When Franz Kafka died of tuberculosis at the age of forty, in 1924, few could have predicted the influence his relatively small body of work would have on every realm of thought and creative endeavor over the course of the twentieth century and into the twenty-first. This exhibition will present, for the first time in the United States, the Bodleian Library’s extraordinary holdings of literary manuscripts, correspondence, diaries, and photographs related to Kafka, including the original manuscript of his novella The Metamorphosis. Other highlights include the manuscripts of his novels Amerika and The Castle; letters and postcards addressed to his favorite sister, Ottla; his personal diaries, in which he also composed fiction, including his literary breakthrough, the 1912 story “The Judgment”; and unique items such as his drawings, the notebooks he used when studying Hebrew, and the slips of paper on which he wrote messages in his final days, when the progression of his illness meant that he could no longer speak.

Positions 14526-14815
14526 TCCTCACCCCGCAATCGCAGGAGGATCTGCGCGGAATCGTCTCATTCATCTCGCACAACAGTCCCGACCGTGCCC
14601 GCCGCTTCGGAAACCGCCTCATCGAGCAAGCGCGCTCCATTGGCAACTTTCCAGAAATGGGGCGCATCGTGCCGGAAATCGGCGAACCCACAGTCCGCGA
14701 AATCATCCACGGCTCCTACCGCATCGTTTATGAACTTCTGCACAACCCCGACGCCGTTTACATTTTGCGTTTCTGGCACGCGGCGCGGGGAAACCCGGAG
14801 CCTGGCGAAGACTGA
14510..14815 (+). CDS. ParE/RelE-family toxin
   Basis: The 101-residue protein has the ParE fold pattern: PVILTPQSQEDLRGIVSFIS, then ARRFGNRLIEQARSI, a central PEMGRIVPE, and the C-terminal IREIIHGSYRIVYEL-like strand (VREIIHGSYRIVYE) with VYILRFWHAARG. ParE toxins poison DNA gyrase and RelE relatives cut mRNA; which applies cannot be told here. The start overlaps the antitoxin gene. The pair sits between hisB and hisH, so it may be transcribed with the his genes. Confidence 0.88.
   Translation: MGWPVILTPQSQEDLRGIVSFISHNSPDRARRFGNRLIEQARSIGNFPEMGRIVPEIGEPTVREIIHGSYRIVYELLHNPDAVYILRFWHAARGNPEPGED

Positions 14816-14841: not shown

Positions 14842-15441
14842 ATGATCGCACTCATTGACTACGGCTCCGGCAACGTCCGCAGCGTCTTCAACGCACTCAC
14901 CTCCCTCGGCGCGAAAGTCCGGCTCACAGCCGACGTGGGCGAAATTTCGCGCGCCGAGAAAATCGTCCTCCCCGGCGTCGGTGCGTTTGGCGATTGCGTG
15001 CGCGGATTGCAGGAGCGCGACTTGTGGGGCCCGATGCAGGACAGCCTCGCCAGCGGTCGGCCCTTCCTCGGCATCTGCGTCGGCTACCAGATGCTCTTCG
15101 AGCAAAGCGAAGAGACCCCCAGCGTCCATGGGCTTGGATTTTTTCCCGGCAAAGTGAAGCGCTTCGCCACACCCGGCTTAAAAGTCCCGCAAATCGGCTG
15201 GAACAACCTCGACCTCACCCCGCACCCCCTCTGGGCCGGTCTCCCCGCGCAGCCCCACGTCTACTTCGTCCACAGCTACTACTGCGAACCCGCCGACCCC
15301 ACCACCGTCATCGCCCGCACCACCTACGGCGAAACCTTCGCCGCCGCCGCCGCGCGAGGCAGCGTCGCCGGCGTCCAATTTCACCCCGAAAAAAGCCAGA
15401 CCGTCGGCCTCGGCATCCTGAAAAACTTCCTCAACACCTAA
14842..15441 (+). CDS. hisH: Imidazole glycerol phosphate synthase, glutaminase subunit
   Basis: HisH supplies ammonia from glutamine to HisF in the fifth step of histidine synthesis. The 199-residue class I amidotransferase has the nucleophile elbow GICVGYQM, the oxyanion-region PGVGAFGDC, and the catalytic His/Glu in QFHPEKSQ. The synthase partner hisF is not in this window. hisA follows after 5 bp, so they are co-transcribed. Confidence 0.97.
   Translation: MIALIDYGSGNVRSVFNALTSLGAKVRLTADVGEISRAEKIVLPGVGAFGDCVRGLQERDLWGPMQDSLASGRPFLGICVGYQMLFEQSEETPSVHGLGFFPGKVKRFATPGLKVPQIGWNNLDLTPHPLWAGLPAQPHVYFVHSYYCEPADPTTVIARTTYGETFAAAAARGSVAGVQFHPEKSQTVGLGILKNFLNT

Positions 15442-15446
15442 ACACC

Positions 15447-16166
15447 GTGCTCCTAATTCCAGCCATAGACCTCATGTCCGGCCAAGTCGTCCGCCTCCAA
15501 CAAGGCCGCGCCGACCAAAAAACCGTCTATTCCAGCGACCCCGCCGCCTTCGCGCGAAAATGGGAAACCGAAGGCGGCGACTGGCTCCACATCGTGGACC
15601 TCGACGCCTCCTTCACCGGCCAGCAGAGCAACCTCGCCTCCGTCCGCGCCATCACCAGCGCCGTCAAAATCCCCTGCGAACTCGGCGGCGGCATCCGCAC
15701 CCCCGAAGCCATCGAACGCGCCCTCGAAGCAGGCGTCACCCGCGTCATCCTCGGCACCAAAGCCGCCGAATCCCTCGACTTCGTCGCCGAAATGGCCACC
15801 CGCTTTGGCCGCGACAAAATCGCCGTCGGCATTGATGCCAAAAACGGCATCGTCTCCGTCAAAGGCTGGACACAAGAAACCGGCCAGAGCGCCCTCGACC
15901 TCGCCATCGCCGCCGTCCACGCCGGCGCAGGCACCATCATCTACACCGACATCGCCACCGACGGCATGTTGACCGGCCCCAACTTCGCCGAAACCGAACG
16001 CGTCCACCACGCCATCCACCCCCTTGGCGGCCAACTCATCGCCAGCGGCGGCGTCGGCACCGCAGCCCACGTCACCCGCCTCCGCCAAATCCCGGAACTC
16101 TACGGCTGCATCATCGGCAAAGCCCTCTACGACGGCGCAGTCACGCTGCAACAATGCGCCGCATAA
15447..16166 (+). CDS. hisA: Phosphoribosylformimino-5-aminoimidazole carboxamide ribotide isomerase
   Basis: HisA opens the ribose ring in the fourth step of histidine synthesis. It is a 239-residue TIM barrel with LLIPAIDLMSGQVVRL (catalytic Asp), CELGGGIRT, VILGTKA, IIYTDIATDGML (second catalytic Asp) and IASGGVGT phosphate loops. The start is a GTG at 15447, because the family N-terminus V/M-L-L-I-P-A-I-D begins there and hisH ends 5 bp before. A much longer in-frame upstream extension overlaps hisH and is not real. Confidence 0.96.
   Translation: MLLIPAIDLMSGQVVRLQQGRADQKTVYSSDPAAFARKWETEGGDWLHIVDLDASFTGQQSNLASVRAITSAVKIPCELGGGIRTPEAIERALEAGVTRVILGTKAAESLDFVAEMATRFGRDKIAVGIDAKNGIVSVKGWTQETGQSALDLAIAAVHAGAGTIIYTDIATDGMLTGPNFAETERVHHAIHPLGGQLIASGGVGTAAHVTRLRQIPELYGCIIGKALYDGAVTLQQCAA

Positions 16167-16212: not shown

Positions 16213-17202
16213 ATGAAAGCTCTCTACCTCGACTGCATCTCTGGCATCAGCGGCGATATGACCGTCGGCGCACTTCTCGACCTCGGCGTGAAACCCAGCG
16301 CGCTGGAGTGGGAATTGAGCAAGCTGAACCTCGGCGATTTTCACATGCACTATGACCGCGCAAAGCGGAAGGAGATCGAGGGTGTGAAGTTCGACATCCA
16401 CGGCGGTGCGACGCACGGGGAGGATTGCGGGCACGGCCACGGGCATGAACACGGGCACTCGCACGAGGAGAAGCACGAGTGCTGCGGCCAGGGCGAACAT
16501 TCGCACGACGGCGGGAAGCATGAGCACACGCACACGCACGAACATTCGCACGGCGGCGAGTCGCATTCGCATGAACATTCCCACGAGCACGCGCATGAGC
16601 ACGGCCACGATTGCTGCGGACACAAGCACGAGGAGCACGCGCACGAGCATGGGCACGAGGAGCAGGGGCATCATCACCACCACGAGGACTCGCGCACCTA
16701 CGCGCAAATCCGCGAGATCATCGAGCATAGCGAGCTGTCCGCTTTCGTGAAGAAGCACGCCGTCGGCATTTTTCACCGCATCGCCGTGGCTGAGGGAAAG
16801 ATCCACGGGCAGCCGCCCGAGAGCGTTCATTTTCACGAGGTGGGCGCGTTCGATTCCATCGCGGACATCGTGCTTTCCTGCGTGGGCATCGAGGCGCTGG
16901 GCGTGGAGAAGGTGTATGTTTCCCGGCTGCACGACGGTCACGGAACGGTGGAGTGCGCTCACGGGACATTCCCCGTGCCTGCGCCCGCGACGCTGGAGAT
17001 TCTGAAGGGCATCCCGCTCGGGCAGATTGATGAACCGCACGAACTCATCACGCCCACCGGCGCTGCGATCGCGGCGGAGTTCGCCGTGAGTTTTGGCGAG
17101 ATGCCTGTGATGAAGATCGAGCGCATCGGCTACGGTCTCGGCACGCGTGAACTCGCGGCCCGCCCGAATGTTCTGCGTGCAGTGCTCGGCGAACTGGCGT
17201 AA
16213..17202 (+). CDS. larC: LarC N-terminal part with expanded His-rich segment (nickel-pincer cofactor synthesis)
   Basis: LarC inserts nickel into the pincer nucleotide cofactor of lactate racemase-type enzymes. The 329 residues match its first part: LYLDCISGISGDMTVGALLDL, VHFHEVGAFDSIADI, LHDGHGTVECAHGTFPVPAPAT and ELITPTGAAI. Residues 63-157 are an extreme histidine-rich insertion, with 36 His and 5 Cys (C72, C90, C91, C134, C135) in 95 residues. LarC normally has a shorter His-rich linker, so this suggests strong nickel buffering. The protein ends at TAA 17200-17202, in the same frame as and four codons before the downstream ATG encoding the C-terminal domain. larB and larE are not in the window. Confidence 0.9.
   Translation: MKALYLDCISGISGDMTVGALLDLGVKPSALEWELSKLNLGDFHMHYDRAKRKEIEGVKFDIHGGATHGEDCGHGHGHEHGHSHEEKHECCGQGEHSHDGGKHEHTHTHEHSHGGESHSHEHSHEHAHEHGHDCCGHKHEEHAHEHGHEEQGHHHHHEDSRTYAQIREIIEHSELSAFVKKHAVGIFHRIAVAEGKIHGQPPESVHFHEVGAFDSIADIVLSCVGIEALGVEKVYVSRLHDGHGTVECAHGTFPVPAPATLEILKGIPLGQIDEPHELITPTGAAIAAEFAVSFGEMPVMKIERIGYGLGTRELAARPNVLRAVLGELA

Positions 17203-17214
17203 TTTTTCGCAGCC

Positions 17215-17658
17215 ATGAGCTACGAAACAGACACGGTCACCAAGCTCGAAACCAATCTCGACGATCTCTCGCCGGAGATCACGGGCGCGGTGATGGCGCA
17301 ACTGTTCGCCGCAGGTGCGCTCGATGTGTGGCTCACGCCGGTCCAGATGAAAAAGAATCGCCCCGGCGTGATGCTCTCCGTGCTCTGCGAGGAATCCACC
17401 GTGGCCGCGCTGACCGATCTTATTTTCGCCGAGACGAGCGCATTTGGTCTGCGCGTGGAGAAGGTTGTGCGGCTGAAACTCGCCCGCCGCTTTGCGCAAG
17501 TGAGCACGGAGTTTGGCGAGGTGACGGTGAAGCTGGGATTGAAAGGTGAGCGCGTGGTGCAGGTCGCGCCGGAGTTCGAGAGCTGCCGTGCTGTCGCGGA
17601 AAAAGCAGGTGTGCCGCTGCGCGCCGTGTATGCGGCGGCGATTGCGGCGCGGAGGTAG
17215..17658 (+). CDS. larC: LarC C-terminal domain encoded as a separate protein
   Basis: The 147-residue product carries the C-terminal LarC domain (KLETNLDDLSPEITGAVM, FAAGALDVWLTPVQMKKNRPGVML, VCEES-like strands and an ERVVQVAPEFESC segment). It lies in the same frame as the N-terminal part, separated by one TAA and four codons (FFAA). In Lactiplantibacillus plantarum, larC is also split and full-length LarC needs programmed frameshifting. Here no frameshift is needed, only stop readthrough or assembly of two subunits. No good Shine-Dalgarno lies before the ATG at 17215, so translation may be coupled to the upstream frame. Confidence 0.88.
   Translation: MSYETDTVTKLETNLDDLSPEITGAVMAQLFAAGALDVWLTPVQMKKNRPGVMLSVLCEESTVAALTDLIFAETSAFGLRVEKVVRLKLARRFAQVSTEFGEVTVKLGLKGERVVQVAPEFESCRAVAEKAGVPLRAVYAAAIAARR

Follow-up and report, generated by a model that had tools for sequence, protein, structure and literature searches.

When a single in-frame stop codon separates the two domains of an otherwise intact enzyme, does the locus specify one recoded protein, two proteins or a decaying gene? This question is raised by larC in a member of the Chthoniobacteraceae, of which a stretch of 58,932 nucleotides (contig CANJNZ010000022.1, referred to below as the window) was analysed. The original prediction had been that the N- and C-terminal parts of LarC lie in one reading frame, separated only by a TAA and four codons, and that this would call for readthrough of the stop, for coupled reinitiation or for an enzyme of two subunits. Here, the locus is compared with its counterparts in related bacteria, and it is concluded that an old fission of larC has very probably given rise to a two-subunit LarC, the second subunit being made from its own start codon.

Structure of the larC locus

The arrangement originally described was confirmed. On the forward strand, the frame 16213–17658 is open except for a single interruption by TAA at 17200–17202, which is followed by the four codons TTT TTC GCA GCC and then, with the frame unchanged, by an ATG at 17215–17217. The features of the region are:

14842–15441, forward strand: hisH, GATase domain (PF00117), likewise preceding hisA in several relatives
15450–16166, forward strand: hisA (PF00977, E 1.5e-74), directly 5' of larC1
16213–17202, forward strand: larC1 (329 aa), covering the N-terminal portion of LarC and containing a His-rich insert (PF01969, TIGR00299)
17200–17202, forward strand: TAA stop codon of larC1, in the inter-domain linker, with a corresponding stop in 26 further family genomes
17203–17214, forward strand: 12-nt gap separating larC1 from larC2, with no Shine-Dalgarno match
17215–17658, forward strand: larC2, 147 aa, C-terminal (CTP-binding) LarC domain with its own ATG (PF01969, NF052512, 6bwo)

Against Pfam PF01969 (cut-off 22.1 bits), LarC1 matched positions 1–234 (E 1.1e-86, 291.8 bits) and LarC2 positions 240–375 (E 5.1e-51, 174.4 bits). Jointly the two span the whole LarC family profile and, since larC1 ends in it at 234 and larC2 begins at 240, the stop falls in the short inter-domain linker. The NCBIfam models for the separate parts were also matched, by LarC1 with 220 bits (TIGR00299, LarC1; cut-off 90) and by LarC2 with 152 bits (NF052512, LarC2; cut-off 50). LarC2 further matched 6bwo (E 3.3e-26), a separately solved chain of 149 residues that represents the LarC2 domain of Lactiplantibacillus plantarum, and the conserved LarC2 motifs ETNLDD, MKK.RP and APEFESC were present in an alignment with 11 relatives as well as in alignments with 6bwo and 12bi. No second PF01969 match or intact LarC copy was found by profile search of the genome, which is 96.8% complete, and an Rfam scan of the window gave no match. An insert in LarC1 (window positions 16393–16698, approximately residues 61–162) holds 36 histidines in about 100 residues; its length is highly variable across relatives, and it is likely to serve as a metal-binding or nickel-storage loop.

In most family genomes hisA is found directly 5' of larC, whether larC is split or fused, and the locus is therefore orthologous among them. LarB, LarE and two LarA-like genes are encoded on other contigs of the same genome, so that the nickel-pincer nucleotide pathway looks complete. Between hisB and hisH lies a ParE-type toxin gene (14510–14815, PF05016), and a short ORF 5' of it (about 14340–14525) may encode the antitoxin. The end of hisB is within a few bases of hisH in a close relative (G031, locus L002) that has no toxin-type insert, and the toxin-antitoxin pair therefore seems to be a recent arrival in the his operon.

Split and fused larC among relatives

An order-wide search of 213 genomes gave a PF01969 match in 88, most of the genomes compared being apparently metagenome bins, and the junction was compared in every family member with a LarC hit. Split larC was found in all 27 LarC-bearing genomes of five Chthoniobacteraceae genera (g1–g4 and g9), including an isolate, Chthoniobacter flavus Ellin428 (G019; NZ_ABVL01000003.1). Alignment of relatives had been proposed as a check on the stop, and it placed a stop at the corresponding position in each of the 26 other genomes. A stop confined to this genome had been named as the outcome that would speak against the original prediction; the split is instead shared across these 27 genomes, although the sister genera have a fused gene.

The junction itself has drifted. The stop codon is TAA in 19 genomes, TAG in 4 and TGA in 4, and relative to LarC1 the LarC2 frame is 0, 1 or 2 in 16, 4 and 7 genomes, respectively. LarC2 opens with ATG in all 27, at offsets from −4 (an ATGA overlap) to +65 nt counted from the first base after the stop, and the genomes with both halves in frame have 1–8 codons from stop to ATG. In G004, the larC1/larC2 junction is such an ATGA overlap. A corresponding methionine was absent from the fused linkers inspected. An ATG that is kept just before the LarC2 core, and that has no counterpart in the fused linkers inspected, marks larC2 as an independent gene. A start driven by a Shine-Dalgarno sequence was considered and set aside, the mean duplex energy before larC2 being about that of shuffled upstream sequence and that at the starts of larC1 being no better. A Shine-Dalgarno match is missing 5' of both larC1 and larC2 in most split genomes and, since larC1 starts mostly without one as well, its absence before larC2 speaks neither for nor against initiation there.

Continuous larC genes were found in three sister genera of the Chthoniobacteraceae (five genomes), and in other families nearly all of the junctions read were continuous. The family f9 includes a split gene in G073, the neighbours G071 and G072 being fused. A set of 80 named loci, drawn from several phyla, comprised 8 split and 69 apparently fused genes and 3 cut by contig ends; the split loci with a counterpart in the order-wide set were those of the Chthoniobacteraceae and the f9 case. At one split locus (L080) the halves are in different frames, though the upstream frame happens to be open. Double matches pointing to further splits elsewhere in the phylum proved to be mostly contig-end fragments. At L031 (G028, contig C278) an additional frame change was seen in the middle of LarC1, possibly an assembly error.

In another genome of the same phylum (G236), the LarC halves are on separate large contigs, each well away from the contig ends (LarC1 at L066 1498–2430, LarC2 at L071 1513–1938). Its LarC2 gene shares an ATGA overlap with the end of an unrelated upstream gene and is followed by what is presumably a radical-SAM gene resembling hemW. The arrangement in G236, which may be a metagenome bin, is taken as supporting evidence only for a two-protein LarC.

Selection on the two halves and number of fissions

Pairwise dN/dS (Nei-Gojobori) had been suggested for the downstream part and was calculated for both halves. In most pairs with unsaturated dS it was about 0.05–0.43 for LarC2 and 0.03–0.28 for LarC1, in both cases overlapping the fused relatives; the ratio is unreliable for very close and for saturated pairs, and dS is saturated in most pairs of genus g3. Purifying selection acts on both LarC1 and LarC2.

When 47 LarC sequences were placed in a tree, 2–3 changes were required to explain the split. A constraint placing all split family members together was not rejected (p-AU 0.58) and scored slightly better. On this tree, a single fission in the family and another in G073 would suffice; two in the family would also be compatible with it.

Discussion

In addition to presenting unique literary and biographical material, the exhibition examines Kafka’s afterlife, from the complex journeys of his manuscripts, to the posthumous creation of a literary icon whose very name has become an adjective, to his immense influence on the worlds of literature, theater, dance, film, and the visual arts. Drawing on institutional holdings and private collections in the United States, Europe, and Israel, the Morgan will show a selection of key works, among them Andy Warhol’s portrait of Kafka, part of his 1980 series Ten Portraits of Jews of the Twentieth Century.
This exhibition at the Morgan is organized by Sal Robinson, Assistant Curator of Literary and Historical Manuscripts.
This exhibition is organized by the Bodleian Libraries, University of Oxford, in collaboration with the Morgan Library & Museum, New York.